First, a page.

ProGRP, the precursor of Gastrin-Releasing Peptide (GRP), is widely distributed in non-gastric tissues, neural fibers, the brain, and lung neuroendocrine cells. With variations in its partial amino acids, proGRP can be categorized into three bio-macromolecules, all sharing a common C-terminal sequence (31-98) and demonstrating stable expression in the plasma. This peptide is the product encoded by the GRP gene, and studies have validated that proGRP levels effectively mirror GRP levels and gene expression.
The diagnostic significance of ProGRP is particularly prominent in the field of cancer diagnostics, where it has shown a strong association with various malignancies. Recent research has highlighted the ability of ProGRP levels to accurately reflect GRP expression and its associated gene. Notably, ProGRP emerges as a valuable biomarker for the diagnosis and treatment of diverse cancers, including small-cell lung cancer, non-small-cell lung cancer, gastrointestinal tumors, small-cell esophageal cancer, and ovarian cancer.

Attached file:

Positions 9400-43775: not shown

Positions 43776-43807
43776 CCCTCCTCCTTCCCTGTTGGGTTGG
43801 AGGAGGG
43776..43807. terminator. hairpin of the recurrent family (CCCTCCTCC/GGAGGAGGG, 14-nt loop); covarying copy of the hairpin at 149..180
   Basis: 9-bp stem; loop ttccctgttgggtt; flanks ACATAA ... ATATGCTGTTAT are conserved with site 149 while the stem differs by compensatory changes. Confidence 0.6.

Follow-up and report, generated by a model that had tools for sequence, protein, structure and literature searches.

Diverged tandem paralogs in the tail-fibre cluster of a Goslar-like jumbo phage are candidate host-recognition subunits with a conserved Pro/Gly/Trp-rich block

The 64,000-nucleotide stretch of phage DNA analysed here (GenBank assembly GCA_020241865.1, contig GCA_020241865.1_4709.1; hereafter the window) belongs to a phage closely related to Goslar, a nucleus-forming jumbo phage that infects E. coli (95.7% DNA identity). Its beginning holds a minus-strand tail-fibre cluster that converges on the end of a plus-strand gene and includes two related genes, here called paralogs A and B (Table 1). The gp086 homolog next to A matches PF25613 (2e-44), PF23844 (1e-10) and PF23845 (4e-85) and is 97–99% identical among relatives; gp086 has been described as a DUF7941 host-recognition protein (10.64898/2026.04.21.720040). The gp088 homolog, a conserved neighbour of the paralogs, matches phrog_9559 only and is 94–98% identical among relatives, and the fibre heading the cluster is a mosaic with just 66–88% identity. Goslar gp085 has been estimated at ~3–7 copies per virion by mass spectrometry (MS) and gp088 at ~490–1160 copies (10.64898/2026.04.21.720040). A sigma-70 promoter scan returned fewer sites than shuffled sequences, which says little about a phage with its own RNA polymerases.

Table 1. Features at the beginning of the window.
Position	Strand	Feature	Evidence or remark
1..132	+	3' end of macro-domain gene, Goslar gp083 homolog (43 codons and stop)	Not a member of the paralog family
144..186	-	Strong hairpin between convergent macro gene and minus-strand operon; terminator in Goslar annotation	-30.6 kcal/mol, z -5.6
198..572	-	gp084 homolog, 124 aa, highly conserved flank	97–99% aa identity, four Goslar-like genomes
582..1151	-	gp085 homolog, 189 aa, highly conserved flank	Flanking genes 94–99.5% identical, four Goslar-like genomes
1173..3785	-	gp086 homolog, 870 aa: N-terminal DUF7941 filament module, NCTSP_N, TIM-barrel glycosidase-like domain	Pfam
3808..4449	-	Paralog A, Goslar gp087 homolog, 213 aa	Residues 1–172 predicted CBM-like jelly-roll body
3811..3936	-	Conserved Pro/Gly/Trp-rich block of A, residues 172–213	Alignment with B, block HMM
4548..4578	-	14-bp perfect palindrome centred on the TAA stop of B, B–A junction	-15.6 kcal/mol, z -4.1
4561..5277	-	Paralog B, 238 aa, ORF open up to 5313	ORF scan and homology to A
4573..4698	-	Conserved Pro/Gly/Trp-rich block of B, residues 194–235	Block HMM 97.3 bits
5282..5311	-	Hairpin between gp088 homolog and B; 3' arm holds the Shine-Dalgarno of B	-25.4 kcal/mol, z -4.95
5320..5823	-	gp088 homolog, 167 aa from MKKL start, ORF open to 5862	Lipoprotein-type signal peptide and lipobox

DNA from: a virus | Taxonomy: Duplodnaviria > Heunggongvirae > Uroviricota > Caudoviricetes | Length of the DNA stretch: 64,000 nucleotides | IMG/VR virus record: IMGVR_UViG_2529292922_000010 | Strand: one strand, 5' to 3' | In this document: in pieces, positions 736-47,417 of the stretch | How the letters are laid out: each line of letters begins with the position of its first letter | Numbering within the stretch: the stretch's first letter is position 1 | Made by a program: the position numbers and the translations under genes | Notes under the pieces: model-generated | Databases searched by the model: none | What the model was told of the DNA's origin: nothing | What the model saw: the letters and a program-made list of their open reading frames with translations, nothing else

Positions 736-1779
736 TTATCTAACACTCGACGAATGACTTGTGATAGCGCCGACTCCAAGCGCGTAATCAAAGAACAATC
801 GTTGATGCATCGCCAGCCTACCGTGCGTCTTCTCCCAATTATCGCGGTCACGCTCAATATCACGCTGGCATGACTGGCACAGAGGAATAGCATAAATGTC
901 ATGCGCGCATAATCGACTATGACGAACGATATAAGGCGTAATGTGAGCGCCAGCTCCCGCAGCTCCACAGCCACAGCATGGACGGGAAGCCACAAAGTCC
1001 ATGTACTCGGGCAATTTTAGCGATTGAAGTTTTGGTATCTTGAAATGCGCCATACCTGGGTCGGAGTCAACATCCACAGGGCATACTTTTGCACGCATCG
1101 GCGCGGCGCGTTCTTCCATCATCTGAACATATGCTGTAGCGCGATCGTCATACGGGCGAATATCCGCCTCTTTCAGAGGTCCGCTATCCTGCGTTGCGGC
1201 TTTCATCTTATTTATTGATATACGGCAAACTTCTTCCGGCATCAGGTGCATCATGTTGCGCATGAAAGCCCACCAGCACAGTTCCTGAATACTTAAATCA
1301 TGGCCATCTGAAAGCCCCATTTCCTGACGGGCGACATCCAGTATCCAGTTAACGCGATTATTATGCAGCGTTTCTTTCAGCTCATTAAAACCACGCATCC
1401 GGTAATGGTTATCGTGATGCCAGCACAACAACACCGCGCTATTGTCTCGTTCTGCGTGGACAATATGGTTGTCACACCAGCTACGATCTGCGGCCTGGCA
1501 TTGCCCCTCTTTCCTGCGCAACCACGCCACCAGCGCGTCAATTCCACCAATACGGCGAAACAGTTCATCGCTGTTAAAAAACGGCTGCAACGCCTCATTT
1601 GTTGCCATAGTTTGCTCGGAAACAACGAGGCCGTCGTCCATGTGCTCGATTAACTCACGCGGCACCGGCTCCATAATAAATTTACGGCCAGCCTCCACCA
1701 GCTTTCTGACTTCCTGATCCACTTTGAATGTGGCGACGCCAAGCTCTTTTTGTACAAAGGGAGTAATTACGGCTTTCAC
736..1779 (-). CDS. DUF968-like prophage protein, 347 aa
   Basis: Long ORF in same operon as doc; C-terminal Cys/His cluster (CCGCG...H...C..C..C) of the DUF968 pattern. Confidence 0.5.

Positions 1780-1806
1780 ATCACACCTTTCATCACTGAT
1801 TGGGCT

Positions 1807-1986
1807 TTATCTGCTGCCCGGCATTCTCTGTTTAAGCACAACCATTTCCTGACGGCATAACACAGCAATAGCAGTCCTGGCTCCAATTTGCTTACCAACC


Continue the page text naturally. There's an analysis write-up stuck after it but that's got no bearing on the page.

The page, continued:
The measurement of ProGRP levels in plasma offers a non-invasive avenue for assessing the presence and progression of these cancers. As a result, ProGRP stands out as a pivotal diagnostic tool, holding significant implications for early detection, prognosis, and the development of targeted treatment strategies within the field of oncology. Stay updated on the latest advancements in ProGRP research, as it continues to be a promising area for enhancing cancer diagnostics and improving patient outcomes.